Aston Martin Considers Rugged 4x4

Matthew Guy
by Matthew Guy

The current trend to ‘Safari all the things’ has ensnared numerous luxury automotive brands, birthing machines like the Porsche 911 Dakar and the Lamborghini Huracan Sterrato. Now, it seems like Aston Martin wants in on the theme – though it sadly isn’t considering anything like a lifted V12 Vanquish.

What could be in the hopper, as reported across the pond by  Autocar, is some sort of ‘super 4x4’ which could be a high-riding competitor to gear like the Land Rover Defender and Mercedes-Benz G-Class. Apparently called ‘Project Rambo’, the vehicle would likely deploy architecture from the DBX and also have a Merc-built V8 shoved up its nose. At present, the company has access to a 4.0-liter twin-turbo unit good for 577 horsepower, a mill which would be ably suited to dune bashing when accompanied by a lifted suspension and knobby tires.


One can be all but assured this type of vehicle would be a very exclusive model, a notion Autocar confirms by saying only 2,500 copies would be made if the plans all come together. The vehicle would likely be crafted at the DBX factory in St Athan, probably including shavings of moonbeams and myrrh for maximum exclusivity and profits. Still, it is said the project has yet to be given a green light by top brass.


Reading further into the Autocar story, it is revealed that Aston boss man Lawrence Stroll conceded demand for electric vehicles “is not what we thought it was two years ago,” an uncomfortable truth from product planning perspectives. With most of the early adopters getting their fill of EVs, electrics are proving to be a harder sell to some swaths of John Q. Public for a few very valid reasons. Why manufacturers expected the segment to continue growing at its exponential pace will surely be examined by business schools in the years to come. 


As for the Aston, it’d be an entertaining sight to see a ‘roided out DBX roaring across the sand alongside a built G-Class. Memo to Aston Martin: Do it.


[Image: Aston Martin]


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Matthew Guy
Matthew Guy

Matthew buys, sells, fixes, & races cars. As a human index of auto & auction knowledge, he is fond of making money and offering loud opinions.

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  • 3-On-The-Tree I don’t think Toyotas going down.
  • ToolGuy Random thoughts (bulleted list because it should work on this page):• Carlos Tavares is a very smart individual.• I get the sense that the western hemisphere portion of Stellantis was even more messed up than he originally believed (I have no data), which is why the plan (old plan, original plan) has taken longer than expected (longer than I expected).• All the OEMs who have taken a serious look at what is happening with EVs in China have had to take a step back and reassess (oversimplification: they were thinking mostly business-as-usual with some tweaks here and there, and now realize they have bigger issues, much bigger, really big).• You (dear TTAC reader) aren't ready to hear this yet, but the EV thing is a tsunami (the thing has already done the thing, just hasn't reached you yet). I hesitate to even tell you, but it is the truth.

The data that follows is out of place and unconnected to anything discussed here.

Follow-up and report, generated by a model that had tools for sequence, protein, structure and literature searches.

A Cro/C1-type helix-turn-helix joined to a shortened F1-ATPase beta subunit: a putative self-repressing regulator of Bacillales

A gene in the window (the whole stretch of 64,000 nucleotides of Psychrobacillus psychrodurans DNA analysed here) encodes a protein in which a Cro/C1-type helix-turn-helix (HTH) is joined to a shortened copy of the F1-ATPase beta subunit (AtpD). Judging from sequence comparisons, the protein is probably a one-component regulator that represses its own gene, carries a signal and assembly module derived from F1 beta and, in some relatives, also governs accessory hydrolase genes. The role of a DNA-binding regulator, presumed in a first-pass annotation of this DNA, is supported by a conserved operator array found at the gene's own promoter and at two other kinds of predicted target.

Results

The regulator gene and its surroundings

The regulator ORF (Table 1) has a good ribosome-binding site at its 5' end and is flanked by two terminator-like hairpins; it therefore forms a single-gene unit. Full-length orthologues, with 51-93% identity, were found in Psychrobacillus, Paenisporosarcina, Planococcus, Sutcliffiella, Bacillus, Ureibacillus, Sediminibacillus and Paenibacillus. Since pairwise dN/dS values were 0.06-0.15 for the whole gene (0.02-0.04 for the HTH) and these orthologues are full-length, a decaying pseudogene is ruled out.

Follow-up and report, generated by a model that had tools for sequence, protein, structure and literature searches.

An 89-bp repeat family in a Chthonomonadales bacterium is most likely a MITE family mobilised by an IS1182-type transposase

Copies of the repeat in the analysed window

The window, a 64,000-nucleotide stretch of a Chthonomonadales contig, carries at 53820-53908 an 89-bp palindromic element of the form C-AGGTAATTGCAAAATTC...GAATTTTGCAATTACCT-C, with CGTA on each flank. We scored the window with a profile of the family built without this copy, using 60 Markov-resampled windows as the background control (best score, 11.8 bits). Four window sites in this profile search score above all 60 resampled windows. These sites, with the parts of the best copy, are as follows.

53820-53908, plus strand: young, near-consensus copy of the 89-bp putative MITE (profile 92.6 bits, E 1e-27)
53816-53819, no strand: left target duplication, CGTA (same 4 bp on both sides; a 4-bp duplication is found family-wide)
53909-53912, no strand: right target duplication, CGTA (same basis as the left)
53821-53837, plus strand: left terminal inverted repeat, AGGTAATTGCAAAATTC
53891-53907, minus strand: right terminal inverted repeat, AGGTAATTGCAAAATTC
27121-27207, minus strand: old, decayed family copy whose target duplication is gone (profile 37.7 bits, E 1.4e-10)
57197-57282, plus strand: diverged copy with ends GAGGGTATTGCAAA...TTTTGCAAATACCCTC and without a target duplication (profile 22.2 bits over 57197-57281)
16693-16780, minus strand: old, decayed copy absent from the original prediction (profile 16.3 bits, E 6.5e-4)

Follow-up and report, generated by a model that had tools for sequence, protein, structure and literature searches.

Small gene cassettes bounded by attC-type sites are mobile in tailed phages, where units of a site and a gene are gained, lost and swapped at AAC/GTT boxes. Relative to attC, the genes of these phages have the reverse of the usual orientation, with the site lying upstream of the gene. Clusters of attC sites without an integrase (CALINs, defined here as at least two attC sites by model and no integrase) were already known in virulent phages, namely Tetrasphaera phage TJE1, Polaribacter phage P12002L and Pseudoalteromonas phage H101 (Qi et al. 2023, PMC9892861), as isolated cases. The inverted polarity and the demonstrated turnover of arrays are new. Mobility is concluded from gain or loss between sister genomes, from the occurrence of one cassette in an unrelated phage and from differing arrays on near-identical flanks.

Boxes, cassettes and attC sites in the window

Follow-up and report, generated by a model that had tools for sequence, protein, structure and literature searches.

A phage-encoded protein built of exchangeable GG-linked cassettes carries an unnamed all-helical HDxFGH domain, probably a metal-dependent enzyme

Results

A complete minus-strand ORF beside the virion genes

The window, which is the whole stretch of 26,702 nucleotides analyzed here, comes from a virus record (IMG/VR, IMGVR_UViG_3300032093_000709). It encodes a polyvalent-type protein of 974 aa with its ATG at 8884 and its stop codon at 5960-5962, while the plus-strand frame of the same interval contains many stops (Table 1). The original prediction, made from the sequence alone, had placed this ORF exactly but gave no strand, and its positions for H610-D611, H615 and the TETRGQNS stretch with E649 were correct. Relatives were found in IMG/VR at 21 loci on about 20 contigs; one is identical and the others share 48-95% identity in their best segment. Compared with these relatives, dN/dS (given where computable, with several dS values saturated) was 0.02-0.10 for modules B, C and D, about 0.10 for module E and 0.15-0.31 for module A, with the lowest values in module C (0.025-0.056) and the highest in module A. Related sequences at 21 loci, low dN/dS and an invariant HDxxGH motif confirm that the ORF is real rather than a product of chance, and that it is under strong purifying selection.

• ToolGuy ¶ I have kicked around doing an engine rebuild at some point (I never have on an automobile); right now my interest level in that is pretty low, say 2/5.¶ It could be interesting to do an engine swap at some point (also haven't done that), call that 2/5 as well.¶ Building a kit car would be interesting but a big commitment, let's say 1/5 realistically.¶ Frame-up restoration, very little interest, 1/5.¶ I have repainted a vehicle (down to bare metal) and that was interesting/engaging (didn't have the right facilities, but made it work, sort of lol).¶ Taking a vehicle which I like where the ICE has given out and converting it to EV sounds engaging and appealing. Would not do it anytime soon, maybe 3 to 5 years out. Current interest level 4/5.¶ Building my own car (from scratch) would have some significant hurdles. Unless I started my own car company, which might involve other hurdles. 😉
  • Rover Sig "Value" is what people perceive as its worth. What is the worth or value of an EV somebody creates out of a used car? People value different things, but for a vehicle, people generally ascribe worth in terms of reliability, maintainability, safety, appearance and style, utility (payload, range, etc.), convenience, operating cost, projected life, support network, etc. "Value for money" means how much worth would people think it had compared to competing vehicles on the market, in other words, would it be a good deal to buy one, compared to other vehicles one could get? Consider what price you would have to ask for it, including the parts and labor you put into it, because that would affect the “for the money” part of the “value for money” calculation. An indicator of whether people think an EV-built-in-a-used-car would provide "value for money" is the current level of demand for used cars turned into EVs. Are there a lot of people looking for these on the market? Or would building one just be a hobby? Repairing an existing EV, bringing it back into spec, might create better value for the money. Although demand for EVs is reportedly down recently.
  • ToolGuy Those of you who aren't listening to the TTAC Podcast, you really don't know what you are missing.
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